For the winter 2023 issue of this journal, we are excited to highlight a Teaching and Learning article on using climate justice and civic engagement to teach STEM. In addition, we are pleased to feature three project reports that include the development of a preparatory workshop for introductory mathematics courses; a campus-based research and service-learning project to use waste vegetable oil as a sustainable biodiesel fuel; and a creative approach to teaching botanical fieldwork under the constraints of the COVID-19 pandemic.
Climate justice, which exists at the intersection of climate change and social justice, is a pressing civic issue in the 21st century. In a collaborative project, Sonya Remington Doucette, (Bellevue College), Heather U. Price (North Seattle College), Deb L. Morrison (University of Washington), and Irene Shaver (Washington State Board of Community and Technical Colleges) have developed a repertoire of valuable resources for using climate justice and civic engagement as a framework for teaching STEM in a context that is relevant for today’s “climate generation” of students. The authors first introduce the principles of climate justice, focusing on the importance of equity in deciding whose voices are heard and who is represented in discussions of climate policy. In particular, the global communities who are most affected by climate change need to have a seat at the table. Drawing on research literature and a variety of reports, the authors make a convincing case that focusing STEM courses on issues of equity, justice, and civic engagement improves the retention of women and students of color in STEM majors, since the courses now become more meaningful to students and their communities. The authors’ presentation of using climate justice to teach STEM is an important contribution to current discussions within the STEM community about diversity, equity, inclusion, and belonging.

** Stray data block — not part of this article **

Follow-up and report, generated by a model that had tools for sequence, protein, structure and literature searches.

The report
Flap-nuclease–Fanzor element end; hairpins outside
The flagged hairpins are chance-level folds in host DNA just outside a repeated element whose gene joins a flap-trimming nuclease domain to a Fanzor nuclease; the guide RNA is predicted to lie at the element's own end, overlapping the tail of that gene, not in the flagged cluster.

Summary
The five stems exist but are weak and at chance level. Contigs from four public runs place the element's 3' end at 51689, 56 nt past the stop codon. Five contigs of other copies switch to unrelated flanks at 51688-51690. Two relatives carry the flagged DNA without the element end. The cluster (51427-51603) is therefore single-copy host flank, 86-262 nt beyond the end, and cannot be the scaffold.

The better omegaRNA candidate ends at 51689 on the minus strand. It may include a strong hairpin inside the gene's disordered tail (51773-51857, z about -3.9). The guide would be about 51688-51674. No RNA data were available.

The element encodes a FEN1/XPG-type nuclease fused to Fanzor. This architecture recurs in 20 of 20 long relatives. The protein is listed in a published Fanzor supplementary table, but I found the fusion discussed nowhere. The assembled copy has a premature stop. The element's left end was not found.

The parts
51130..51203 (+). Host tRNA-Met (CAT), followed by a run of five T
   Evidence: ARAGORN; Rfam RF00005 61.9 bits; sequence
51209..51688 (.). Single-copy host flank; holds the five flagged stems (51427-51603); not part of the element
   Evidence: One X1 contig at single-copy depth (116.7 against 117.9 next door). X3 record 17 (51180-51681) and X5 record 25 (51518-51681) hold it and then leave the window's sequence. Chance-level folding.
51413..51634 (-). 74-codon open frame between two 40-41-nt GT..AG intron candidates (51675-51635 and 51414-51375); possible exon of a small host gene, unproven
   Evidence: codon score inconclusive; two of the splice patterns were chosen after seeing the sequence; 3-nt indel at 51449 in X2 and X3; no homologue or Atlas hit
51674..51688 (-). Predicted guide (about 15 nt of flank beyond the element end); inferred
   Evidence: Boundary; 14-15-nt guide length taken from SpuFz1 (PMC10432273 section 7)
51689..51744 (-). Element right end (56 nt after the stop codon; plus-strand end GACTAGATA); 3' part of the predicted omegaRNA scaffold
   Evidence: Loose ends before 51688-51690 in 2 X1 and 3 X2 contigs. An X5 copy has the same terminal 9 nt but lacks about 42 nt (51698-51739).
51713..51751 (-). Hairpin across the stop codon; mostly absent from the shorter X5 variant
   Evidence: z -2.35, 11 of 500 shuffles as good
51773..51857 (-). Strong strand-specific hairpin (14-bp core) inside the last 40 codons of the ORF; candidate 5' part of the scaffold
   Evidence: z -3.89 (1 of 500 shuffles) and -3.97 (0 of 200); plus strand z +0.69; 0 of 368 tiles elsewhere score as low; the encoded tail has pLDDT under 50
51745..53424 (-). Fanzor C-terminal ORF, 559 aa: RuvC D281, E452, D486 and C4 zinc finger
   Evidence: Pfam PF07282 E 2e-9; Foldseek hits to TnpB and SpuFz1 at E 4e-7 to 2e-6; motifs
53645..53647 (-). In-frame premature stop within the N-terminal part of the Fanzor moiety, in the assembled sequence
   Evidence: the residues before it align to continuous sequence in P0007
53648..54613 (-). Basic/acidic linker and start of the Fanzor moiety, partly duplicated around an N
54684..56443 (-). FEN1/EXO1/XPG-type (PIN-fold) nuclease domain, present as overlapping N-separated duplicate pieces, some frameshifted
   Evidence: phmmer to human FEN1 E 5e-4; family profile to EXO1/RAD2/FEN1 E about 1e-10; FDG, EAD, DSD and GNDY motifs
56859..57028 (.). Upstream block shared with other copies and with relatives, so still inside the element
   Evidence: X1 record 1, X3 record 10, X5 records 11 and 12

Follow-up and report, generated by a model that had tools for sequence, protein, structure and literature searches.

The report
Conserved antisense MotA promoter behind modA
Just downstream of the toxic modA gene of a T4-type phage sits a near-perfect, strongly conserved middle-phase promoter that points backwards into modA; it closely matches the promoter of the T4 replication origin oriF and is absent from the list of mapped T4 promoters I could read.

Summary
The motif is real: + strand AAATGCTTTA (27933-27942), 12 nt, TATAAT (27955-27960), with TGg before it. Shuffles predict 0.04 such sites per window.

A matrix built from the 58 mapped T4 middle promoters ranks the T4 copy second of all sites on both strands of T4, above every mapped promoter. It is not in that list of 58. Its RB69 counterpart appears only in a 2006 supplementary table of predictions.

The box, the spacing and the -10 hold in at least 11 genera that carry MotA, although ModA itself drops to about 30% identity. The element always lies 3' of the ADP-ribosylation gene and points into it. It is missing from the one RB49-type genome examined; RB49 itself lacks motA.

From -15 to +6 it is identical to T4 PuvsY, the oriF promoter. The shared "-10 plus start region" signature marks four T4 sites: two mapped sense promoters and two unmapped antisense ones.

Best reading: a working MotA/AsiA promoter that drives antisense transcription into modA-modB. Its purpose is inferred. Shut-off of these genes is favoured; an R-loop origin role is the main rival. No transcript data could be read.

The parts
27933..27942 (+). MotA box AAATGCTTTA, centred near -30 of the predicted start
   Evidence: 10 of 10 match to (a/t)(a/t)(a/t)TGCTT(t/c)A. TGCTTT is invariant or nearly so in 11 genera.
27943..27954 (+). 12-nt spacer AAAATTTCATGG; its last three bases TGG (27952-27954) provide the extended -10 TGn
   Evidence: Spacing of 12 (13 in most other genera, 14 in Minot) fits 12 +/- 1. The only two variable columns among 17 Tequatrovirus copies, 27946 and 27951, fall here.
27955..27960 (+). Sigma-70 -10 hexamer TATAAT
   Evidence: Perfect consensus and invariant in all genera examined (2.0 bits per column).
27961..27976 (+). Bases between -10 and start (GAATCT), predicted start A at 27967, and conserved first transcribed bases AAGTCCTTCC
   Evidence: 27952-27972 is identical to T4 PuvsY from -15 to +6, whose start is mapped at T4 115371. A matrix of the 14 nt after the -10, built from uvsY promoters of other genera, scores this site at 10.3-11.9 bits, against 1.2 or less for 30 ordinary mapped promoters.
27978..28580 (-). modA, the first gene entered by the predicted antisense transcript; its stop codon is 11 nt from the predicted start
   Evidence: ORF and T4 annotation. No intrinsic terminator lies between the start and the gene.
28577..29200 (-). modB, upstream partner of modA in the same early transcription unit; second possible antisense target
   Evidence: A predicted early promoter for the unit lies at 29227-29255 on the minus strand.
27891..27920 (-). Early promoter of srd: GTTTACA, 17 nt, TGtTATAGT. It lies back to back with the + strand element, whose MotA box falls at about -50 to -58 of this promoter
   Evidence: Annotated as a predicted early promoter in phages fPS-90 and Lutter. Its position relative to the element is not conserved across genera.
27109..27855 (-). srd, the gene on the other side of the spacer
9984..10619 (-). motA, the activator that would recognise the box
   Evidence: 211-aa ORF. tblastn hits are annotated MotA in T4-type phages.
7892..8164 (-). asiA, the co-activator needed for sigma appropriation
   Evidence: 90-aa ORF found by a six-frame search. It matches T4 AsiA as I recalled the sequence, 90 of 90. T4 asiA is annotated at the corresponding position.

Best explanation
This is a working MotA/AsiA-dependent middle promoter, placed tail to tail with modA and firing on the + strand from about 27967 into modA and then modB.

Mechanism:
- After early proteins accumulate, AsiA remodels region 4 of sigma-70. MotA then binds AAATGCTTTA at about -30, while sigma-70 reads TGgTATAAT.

Mathematics is the cornerstone of STEM courses and majors, but many students enter college without the necessary skills to be successful in their foundational mathematics courses. These “gateway” courses can be an impediment that leads to attrition from pursuing a STEM major, especially for underserved students. A team of faculty members from New York City College of Technology, Sandie Han, Diana Samaroo, Janet Liou-Mark, and Laurie Aguirre, have developed an innovative support structure for students by offering free, non-credit preparatory workshops in mathematics, which are available to all students within their diverse undergraduate population. According to the authors, the key goal of the preparatory workshop is to improve student success in mathematics courses. Each workshop lasts for four or five days depending on student needs, and they are strategically scheduled right before the beginning of the fall and spring semesters. After assessing the impact of the preparatory workshops, the authors report that students who participated in these workshops during the summers of 2019, 2020, and 2021 earned a higher percentage of A, B, and C grades and a lower percentage of F grades in subsequent mathematics courses when compared to students who did not participate. These preparatory workshops provide a valuable model for supporting student success in gateway mathematics courses, which are critical for the pursuit of a STEM major.